L=2
J=1
G=1
DOF = 1
3 DOF
Gruebler’s Equation
DOF
L
J
G
= mobility
= number of revolute joints or
prismatic joints
1 DOF
3 DOF
DOF = 3*L – 2* J – 3 *G
= 3 (L-1) – 2 * J
The revolute joint removes 2 DOF and
the grounded link removes 3 DOF.
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Section 4 – Dynamic Simulation
Mobility of Vise Grip Pliers
Module 2 – DOF & Joints
Page 10
This example applies Gruebler’s equation to
the determine the mobility of a vise grip plier.
1
4
5
1
3
4
3
2
2
Each revolute joint
removes two DOF.
The screw joint
removes two DOF.
L=5
J = 4 (revolute)
J = 1 (screw)
DOF = 3*5 - 2*5 - 1*3 = 2
The mobility of the plier is two. Link 3 can be moved relative link1
when you squeeze your hand and the jaw opening is controlled by
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Section 4 – Dynamic Simulation
Welded Joints
Module 2 – DOF & Joints
Page 11
It is common for parts in a
mechanism to be designed to
Upper Retainer
move together.
 In the figure, the bottom retainer,
valve guide, and valve guide seal
do not move relative to each
other.
 Similarly, the valve stem cup,
valve cap, top retainer, keepers,
and valve do not move relative to
each other.
 A joint that allows no relative
motion is called a welded joint.

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Valve Stem Cup
Valve Cap
Keepers
Valve
Valve Spring
Valve Guide Seal
Valve Guide
Bottom Retainer
Engine Block
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Section 4 – Dynamic Simulation
Ground Joints
Module 2 – DOF & Joints
Page 12
One or more parts in a mechanism
must be anchored to something
rigid that holds it in place.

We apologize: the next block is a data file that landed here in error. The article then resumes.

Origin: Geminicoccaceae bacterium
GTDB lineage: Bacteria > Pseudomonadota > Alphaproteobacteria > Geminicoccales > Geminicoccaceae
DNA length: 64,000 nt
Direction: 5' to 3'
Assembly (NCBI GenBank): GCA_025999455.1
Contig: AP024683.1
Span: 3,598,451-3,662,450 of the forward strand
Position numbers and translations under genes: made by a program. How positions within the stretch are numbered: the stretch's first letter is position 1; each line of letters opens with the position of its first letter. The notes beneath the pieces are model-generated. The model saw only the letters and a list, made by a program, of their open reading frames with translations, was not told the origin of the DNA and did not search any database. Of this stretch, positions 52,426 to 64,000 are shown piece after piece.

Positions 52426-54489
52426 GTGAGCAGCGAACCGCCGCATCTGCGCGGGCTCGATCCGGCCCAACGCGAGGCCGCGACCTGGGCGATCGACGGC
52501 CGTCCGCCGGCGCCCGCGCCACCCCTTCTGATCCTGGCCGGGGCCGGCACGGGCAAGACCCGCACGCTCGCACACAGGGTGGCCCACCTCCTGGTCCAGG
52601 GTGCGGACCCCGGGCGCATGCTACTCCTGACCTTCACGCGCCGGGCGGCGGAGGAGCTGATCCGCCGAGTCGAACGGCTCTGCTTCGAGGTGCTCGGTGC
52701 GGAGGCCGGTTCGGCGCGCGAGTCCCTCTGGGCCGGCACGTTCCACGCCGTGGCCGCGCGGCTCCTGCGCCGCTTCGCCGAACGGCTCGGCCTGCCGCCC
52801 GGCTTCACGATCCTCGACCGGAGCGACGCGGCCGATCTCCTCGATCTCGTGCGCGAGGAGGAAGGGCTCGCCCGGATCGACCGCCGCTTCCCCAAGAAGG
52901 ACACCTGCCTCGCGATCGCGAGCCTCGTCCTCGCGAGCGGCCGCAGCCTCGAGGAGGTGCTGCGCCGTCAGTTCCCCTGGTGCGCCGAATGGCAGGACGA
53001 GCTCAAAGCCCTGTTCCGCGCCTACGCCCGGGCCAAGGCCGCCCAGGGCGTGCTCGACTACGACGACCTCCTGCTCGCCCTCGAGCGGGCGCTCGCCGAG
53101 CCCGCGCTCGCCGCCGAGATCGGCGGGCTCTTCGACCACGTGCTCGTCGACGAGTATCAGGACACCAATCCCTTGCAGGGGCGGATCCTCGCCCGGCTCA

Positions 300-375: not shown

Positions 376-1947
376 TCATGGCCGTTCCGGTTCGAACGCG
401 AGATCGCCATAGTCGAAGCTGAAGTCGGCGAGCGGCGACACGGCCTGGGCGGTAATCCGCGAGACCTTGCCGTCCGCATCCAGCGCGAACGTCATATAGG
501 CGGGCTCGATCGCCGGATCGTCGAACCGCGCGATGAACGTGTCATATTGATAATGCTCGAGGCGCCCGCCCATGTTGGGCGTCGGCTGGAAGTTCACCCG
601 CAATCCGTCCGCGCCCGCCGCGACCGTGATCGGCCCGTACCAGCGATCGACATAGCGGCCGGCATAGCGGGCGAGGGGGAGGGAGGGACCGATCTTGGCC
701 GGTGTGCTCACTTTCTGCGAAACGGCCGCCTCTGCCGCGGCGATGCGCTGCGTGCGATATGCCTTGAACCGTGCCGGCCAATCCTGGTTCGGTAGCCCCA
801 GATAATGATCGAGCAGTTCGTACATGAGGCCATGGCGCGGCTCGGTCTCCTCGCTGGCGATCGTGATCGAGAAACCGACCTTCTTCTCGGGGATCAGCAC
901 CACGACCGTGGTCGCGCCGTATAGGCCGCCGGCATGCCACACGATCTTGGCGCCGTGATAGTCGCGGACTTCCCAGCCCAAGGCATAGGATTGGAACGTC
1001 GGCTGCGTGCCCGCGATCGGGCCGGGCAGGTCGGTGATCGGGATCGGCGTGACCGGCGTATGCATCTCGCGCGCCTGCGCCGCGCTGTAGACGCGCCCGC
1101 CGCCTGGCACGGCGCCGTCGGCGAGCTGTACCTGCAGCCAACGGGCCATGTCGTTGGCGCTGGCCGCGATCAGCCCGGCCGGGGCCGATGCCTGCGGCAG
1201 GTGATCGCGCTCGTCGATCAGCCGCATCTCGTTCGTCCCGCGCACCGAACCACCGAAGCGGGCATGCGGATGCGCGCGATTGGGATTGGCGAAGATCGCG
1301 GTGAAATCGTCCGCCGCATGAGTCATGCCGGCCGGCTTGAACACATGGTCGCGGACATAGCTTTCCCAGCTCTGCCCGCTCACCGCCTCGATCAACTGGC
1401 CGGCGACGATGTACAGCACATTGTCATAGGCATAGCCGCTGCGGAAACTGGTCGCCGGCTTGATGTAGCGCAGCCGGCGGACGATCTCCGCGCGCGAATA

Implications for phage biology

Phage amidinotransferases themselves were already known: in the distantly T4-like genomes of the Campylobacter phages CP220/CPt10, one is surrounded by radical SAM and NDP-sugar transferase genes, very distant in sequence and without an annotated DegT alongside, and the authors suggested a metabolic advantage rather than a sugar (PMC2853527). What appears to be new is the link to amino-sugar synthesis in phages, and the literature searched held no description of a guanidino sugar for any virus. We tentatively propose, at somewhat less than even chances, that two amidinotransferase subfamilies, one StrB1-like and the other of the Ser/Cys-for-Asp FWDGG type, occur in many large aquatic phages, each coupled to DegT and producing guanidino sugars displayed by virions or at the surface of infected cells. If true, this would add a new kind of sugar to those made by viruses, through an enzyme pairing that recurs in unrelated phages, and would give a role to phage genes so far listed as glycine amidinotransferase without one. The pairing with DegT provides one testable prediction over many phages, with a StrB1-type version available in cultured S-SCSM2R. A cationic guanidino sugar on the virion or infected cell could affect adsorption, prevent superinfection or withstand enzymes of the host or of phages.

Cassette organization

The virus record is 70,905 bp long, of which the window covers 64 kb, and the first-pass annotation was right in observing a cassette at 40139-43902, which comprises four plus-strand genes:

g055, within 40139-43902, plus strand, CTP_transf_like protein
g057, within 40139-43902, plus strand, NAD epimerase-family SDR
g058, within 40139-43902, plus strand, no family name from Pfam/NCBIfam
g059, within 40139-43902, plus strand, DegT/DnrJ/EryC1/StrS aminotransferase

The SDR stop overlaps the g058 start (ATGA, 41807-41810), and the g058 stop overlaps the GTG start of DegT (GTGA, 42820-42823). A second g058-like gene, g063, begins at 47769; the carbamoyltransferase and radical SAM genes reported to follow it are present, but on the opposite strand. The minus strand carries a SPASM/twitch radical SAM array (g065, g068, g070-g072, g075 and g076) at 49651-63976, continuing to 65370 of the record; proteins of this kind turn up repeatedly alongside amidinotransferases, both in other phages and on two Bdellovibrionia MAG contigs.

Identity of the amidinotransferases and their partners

Upper Retainer
 The anchored parts have all
degrees of freedom removed.
 A joint that removes all DOF’s by
setting the coordinates and
orientation angles equal to
constant values are called Ground
Joints.
 In the figure, all moveable parts
will move relative to the engine
block that is fixed by a Ground
Joint.
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Valve Stem Cup
Valve Cap
Keeper x 2
Valve
Valve Spring
Valve Guide Seal
Valve Guide
Bottom Retainer
Engine Block
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Section 4 – Dynamic Simulation
Joint Types in Dynamic Simulation
Module 2 – DOF & Joints
Page 13
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The Dynamic Simulation browser
types of joints used in a
simulation.
Grounded parts are fixed in space
and cannot move.
Mobile groups are parts or groups
of parts that can move relative to
each other
Welded groups contain a list of
parts that are joined together.
Standard joints include common
joints such as revolute, prismatic,
etc.
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Section 4 – Dynamic Simulation
Automatic Creation of Joints
Module 2 – DOF & Joints
Page 14
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Dynamic Simulation operates on
assemblies created in the Assembly
environment.
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The parts in an assembly have
constraints that keeps them in the
correct position relative to each
other.
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The assembly constraints are
interpreted and converted to
kinematic constraints in the Dynamic
Simulation environment.
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The Insert constraint would be
used in the Assembly
environment to create this joint.
It would automatically be
converted to a revolute joint in
the Dynamic Simulation
environment.
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Section 4 – Dynamic Simulation
Automatic Conversion Control
Module 2 – DOF & Joints
Page 15
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The Dynamic Simulation
environment allows joints
automatically created from the
assembly constraints to be turned
off and on.
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When the automatic conversion is
turned off, all standard joints are
deleted (including any that were
manually created).
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Section 4 – Dynamic Simulation
Module Summary
Module 2 – DOF & Joints
Page 16
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This module presented the concepts associated with degrees-offreedom, mobility of a mechanism, and joints used in multi-body
dynamics.
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It showed examples of how the concepts are incorporated into
Dynamic Simulation.
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These concepts will be used in subsequent modules that deal with
multi-body dynamics theory and its practical implementation in
Dynamic Simulation.